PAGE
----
INtelligent Direct: Search Engine Optimization (SEO) Basics for Marketers
Search Engine Optimization (SEO) is the practice of improving a website to increase its search ranking. Search engines visit websites and follow links to build an index of all websites they encounter and use proprietary rules to calculate search ranking of a site for a specific search phrase. To increase the usefulness of search results and to discourage people from trying to game the system to improve their search ranking, search engines frequently change the rules that determine search ranking.
Search ranking is important because it is used when determining if a web page should be included in a list of search results, and where in that list it should appear.
While it takes an expert to keep on top of the latest changes, a number of SEO best practices will help one’s search ranking.
Submit Your URL to Search Engines
While a search engine may encounter your site by following links from other sites, you can be sure that your site is added to these search engine’s index by submitting your site directly to that engine. Here’s how:
You’re not able to submit your site to some search engines like DuckDuckGo because of their dedication to security and privacy. To submit your site to the search engines in the list above, you must do so by authenticating in with your username and password. Search engines dedicated to privacy can’t require a username and password to keep your personally identifiable information secure. They also can’t leave an open door for any internet user to submit sites to prevent abuse so they simply don’t allow submissions.
Write Descriptive Page Titles and Descriptions
Don’t be tempted to load your “title” and “meta description” tags in your code with lists of search terms. These HTML tags are the parts of your web page code that most search engines display in their search results. However, because web authors used to flood these tags with search terms, most search engines no longer use these tags when determining search ranking.
The current best practice is to write unique page titles and engaging descriptions for real humans, not search engines, so that when your page is included in a list of search results, web visitors are encouraged to visit your site because the titles and descriptions make sense to them.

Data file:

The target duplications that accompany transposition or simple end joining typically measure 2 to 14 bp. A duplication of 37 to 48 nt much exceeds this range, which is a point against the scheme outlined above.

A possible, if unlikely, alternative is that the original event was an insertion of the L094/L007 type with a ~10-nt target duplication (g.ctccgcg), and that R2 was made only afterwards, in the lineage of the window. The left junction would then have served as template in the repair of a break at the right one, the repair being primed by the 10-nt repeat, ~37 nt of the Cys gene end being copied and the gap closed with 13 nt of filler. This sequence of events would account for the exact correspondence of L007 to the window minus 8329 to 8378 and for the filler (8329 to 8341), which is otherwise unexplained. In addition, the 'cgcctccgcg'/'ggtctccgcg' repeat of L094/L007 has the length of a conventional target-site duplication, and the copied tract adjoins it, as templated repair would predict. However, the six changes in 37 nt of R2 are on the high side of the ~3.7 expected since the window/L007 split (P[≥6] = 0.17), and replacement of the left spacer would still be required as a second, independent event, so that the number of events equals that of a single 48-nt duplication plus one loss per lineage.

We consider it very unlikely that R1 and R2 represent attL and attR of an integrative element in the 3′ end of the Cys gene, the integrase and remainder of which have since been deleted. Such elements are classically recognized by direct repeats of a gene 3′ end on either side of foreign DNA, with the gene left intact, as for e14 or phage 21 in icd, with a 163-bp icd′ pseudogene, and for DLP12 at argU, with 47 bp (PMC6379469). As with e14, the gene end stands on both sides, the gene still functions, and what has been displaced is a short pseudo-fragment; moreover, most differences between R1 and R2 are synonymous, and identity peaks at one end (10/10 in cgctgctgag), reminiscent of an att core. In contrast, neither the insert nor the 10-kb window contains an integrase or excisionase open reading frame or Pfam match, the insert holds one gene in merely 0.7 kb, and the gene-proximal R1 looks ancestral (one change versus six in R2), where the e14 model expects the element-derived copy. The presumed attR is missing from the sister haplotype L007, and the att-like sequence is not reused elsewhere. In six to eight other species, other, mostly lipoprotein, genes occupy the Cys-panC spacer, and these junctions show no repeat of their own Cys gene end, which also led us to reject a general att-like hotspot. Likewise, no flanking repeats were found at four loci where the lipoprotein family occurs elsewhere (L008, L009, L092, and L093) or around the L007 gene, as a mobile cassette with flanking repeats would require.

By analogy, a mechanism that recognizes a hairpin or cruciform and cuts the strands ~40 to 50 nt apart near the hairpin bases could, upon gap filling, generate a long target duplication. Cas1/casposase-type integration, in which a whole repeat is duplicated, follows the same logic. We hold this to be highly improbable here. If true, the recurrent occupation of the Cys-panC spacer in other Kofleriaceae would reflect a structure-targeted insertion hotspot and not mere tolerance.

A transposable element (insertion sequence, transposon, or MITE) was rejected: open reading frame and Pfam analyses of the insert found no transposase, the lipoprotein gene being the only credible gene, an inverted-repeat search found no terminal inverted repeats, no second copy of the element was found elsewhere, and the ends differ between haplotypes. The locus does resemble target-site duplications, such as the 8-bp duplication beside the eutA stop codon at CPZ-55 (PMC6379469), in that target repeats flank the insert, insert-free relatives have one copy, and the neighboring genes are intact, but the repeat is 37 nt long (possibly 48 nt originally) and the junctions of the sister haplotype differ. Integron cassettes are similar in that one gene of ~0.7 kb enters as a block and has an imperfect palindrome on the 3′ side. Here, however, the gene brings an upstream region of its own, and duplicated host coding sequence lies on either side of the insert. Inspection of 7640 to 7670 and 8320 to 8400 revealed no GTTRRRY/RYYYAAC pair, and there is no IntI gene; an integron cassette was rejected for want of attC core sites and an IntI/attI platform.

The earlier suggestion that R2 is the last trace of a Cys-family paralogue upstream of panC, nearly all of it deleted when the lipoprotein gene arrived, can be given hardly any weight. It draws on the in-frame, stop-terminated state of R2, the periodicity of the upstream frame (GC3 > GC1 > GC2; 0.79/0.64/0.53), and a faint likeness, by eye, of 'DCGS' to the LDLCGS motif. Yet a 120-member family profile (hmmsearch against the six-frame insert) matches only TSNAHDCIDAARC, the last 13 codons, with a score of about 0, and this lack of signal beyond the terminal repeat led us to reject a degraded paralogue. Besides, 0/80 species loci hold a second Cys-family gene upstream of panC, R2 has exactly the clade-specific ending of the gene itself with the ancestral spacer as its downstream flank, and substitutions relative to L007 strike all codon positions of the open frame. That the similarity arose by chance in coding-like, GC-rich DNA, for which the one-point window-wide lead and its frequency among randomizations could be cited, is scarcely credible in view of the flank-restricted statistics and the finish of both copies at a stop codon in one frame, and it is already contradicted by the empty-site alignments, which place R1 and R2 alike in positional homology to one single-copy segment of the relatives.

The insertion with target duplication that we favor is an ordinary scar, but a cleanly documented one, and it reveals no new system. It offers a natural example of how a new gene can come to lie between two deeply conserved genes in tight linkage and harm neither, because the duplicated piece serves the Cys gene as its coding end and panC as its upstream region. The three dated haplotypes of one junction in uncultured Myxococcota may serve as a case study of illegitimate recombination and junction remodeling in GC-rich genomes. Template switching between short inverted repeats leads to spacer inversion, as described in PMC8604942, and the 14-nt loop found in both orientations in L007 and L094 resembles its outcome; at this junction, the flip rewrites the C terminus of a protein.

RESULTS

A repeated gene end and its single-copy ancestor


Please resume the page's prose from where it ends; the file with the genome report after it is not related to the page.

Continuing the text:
These are added to the code between the title tags, but where they appear to web visitors is in the browser tab and the blue link headline in the search results page.
For example, let’s do a Google search for Dog Grooming Minnesota.
When I see the search results, as a web visitor, I’m looking for a result that makes sense to me. Bubbly Paws is a website found in the search results. What they have in their web page’s title in the code is what appears here in the hyperlinked blue headline.
Once you click on the link and go to the website, the first thing you’ll notice is the text in the tab for that window in your browser. The same text that they have in their web page’s title in the code is what appears here in the tab at the top.
If you were curious where you would see this in the code, you can right click anywhere on the page and click “View Source” in the options. You would see the title tags toward the top and the text you saw in the search results and the text you saw in the browser tab will match the text inside the title tags.
Just like title tags, there are also meta description tags in the code that tell search engines what to pull into the search results to describe the web page. In the absence of a meta description tag in the code or a website flooding the text inside the meta description with keywords that don’t match actual text on the site, most search engines will simply pull in the first paragraph of text it sees on the page like the following example where the meta description…
…is very different than what Google pulls in as the description. Google pulled in the first text it saw on the page instead.
You can see that it is very important to Google that whatever text is in the meta description matches the text on the page or it will use text from the page and ignore your description.
Include Search Terms in your Text-Based Content
The way that search engines know whether to include your page in their list of search results is by finding the terms people use in their search engine in the text-based content of your website. Text-based content includes all the words on the page, the page title and the URL of the page. Keep the copy natural while including as many relevant search terms as possible.
If your web page has video or images, a web developer can help you include search terms with this content. Best practices for SEO of non-text elements like images and video are similar to those for web accessibility. Here’s a quick guide for some common content types.
Think about your links
Another SEO-boosting accessibility practice is to use descriptive labels for links. Since search engines create their indexes by following links between pages, it is important to include context in the visible text on your links. For example, if you have a contact page instead of using “To contact us, “click here” use “Contact us” or “Contact Infinity Direct.”
To increase the chances of search engine indexes including your pages, make sure your site’s pages link to each other using search terms where you can. If you maintain multiple sites, create links between them where appropriate. Encourage your partners to link to your content, too. But, wherever you can, avoid using the best search terms for your content when linking to content on external websites, because this adds to the search ranking of the external website instead of your own site.